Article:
9th August, 2023
4 min read
Mastering Audiobook Publishing. 5 Essential Insights for Authors
Audiobooks are the fastest growing sector of the book market and, as consumption of audiobooks grows, so will the expectation of there being an audio version available alongside a printed book and ebook. Book consumers tend to have preferred format (printed book, ebook or audiobook), so by publishing an audiobook you are appealing to a wider audience. In this blog, we will share our 5 top tips of things to consider when looking to publish an audiobook. Before you decide if you should publish your own audiobook or use a company like Trouabdor Publishing to help you, here are some important things to consider.
1. Who is to voice your audiobook?
Decide if you'll hire a professional voice-over artist or voice it yourself. There are many production companies online with access to voiceover artists. You'll want to hear samples of the artists' work to find a voice you're happy with, and you'll need to ask about the company's processes and costs – including that of a sound engineer to edit files to the required specifications, and whether the costs include any amendments to the initial recording. If you're voicing it yourself, you'll need to have recording equipment that can record high-quality audio, and a recording location free from extraneous noise. Some authors hire a recording studio for this, whereas others may invest in recording equipment if they are confident they have the ability to record files themselves. However you decide to record your audio, you need to make sure you've practised reading the book aloud before any recording begins. Preparation is key if you want to make the most out of studio time. Whether you decide to hire a professional or narrate your book yourself, you'll need to ensure that you've had your manuscript professionally edited before any work begins, so that the production process runs smoothly and avoids errors. FACT: Voice artists are skilled at what they do and bring nuance and interpretation to the text. If narrating your own book it will very likely take longer and will require a bit more editing. Bear this in mind when deciding on which voice to use for your book.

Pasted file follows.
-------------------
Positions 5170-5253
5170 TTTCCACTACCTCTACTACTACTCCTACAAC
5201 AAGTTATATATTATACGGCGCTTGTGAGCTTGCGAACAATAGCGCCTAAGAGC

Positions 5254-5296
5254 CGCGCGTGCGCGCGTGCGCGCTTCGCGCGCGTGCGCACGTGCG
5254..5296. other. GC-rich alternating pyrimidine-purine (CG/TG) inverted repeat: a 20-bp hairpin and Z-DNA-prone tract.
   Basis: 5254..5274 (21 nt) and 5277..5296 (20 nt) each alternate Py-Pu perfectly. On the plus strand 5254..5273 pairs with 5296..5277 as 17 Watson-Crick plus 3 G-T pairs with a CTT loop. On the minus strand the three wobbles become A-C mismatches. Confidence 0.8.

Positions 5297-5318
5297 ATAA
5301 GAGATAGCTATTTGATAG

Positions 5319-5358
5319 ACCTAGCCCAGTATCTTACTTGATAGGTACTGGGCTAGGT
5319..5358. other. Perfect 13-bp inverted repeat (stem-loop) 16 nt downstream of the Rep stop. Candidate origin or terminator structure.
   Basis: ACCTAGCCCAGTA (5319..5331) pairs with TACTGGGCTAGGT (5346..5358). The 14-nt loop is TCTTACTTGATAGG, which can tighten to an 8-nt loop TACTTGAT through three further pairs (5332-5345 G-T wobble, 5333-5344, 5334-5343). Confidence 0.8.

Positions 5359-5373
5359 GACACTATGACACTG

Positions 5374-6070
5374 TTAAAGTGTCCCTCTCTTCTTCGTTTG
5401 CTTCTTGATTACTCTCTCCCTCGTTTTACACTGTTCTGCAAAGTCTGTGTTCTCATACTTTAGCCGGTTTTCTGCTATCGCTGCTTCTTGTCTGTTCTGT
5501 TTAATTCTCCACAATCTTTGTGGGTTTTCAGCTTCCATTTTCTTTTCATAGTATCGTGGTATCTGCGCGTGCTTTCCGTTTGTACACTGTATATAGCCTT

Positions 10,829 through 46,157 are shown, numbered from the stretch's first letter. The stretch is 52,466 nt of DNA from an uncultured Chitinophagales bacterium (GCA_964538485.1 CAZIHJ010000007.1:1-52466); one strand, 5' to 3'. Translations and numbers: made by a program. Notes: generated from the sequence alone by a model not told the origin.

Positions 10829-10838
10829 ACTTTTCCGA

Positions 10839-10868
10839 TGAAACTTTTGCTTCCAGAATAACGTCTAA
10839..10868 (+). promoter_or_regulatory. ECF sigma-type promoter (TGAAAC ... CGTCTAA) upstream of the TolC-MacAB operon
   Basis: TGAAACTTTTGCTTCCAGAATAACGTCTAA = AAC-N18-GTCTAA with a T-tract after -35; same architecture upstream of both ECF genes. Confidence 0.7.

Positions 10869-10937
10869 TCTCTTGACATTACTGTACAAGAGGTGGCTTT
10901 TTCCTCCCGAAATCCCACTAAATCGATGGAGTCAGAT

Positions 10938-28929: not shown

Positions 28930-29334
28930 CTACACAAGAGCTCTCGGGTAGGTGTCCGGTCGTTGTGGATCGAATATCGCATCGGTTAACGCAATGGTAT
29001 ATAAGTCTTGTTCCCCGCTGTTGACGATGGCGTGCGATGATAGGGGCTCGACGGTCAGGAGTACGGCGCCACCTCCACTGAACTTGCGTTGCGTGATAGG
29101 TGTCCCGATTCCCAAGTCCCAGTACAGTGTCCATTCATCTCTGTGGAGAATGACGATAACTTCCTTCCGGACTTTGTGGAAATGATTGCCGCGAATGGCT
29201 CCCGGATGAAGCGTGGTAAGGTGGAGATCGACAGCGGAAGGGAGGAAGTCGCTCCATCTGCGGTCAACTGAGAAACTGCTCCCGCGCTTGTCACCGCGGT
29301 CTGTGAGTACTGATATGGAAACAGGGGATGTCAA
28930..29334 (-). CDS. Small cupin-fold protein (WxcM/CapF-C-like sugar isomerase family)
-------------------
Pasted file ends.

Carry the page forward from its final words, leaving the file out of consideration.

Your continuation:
2. Where are you going to distribute your audiobook?
Before recording begins, you need to decide where you are going to distribute your audiobook, as the retailers/distributor you choose will impact what specifications the audio files need to have. Some retailers require MP3 files, others prefer WAV files. It's useful to know this upfront. FACT: You may have heard about AI-voiced audiobooks (AI text-to-speech is the ability of a computer to read an audiobook). These can be cheaper to produce as there are no voice artist costs. Be aware however that the vast majority of retailers – especially the big names like Amazon and Audible – currently do not accept AI-narrated audiobooks and they can sound 'flatter' and less engaging than human-voiced titles.